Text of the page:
Do automakers have any responsibility for promoting safe driving? We think that the majority of people would agree that they do, yet for countless years there have been television commercials from automakers showing bad driving — particularly those which glorify speed, or dodging and weaving through traffic — which at the very least, quite deliberately contradict safety values and driver courtesy in the hope of generating more car sales. Some of it, however, seems to be sheer thoughtlessness or even ignorance and the images below would appear to be an example of this.
July 9, 2017
In Formula 1, by far the world’s most prestigious motorsport, the recent Azerbaijan Grand Prix was marred by an overt display of road rage by four-times World Champion Sebastian Vettel who, in front of millions of spectators around the world, deliberately rammed an opponent’s car, wheel-to-wheel while all of the cars were driving slowly in accordance with — ironically — a temporary, safety speed limit.
Having untruthfully claimed that three-times World Champion Louis Hamilton had “brake checked” him and “caused” him to collide with the rear of Hamilton’s car, Vettel moved up alongside Hamilton and flagrantly turned into him so that Vettel’s front right wheel struck Hamilton’s front left wheel. In reality, engineering telematics transmitted by all F1 cars showed beyond any argument that Hamilton had neither braked nor even slowed down, so Vettel’s claim was entirely untrue.
Anyone wishing to view the incident on video can do so on YouTube at the following link, but for copyright purposes I am not prepared to post the actual clip here. https://youtu.be/Cx4AartWhg4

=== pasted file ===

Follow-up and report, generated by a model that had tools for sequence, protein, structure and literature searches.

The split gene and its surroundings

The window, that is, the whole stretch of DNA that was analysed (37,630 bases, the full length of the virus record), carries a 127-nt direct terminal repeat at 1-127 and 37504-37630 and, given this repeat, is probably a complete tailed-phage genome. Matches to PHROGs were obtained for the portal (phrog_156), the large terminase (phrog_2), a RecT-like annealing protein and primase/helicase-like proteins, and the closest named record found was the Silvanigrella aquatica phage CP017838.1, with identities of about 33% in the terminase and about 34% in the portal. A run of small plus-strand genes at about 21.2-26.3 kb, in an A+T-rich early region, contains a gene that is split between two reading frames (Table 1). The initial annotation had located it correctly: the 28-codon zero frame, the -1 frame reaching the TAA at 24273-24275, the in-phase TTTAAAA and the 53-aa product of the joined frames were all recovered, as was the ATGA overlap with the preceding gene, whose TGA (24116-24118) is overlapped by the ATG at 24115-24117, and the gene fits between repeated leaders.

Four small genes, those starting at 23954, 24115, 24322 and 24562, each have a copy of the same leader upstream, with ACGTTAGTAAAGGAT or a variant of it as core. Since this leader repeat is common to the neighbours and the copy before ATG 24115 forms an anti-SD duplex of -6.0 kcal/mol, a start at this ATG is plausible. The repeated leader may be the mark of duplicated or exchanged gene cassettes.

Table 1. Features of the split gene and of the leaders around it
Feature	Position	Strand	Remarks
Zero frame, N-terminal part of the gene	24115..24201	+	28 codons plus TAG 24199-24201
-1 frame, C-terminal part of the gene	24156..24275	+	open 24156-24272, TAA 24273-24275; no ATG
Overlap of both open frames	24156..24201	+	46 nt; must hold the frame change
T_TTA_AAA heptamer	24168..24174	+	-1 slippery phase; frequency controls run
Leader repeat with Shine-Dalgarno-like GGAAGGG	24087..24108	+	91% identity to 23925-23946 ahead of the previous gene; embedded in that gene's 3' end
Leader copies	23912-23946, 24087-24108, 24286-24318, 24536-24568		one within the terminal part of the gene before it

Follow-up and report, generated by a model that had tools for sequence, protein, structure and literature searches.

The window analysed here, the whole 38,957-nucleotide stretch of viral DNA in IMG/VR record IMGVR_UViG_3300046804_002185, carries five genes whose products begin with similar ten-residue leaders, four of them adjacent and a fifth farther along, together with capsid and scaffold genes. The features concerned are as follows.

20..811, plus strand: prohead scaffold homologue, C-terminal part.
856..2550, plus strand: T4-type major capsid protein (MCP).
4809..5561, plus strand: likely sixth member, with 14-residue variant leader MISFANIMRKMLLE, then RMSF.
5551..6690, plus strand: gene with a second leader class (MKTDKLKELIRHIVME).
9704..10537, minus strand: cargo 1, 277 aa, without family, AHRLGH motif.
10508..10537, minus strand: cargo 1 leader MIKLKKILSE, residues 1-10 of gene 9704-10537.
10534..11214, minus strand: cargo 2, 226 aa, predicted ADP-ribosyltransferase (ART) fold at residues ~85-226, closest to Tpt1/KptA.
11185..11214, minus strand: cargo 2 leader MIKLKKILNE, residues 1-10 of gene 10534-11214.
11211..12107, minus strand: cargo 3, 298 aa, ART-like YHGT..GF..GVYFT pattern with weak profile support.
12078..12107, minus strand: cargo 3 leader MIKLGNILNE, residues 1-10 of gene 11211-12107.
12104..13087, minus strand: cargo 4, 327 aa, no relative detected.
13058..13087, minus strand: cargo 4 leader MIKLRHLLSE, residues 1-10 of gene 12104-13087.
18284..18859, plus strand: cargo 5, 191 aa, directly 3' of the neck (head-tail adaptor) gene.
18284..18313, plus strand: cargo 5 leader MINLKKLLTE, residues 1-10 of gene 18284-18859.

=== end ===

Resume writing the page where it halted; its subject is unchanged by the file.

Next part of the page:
The spanner in these works, however, lies in the fact that the Fédération Internationale de l’Automobile (i.e. International Automobile Federation, or FIA) is a huge supporter of global road safety and has established the FIA Foundation for this very purpose.
So, around the world, young motor racing fans, including countless children and young teens, saw one of their sporting idols have what can only be described as an infantile fit of road rage and commit a safety travesty by ramming somebody else’s car, yet Vettel got away with just a ten-second pit lane penalty instead of a much more appropriate ban from one or more races.
The thing is that the FIA had the power to override the race stewards’ decision regarding the punishment even after the event, and impose a ban, but undoubtedly politics — a regular anti-Christ in the sadly lethal world of road safety — won the day because the mega-money businessmen behind motor racing didn’t want to ‘spoil’ the season’s championship battle between who else but Vettel and Hamilton.
I hope and suspect that the team at the FIA Foundation were suitably embarrassed by this ludicrous inaction by their parent body in the face of such an outrageously bad example to all young drivers and future drivers around the world….. Sure! Go ahead! If you don’t like someone else on the road, just ram them!
Hang your heads, FIA; hang your heads. This wasn’t worthy of you.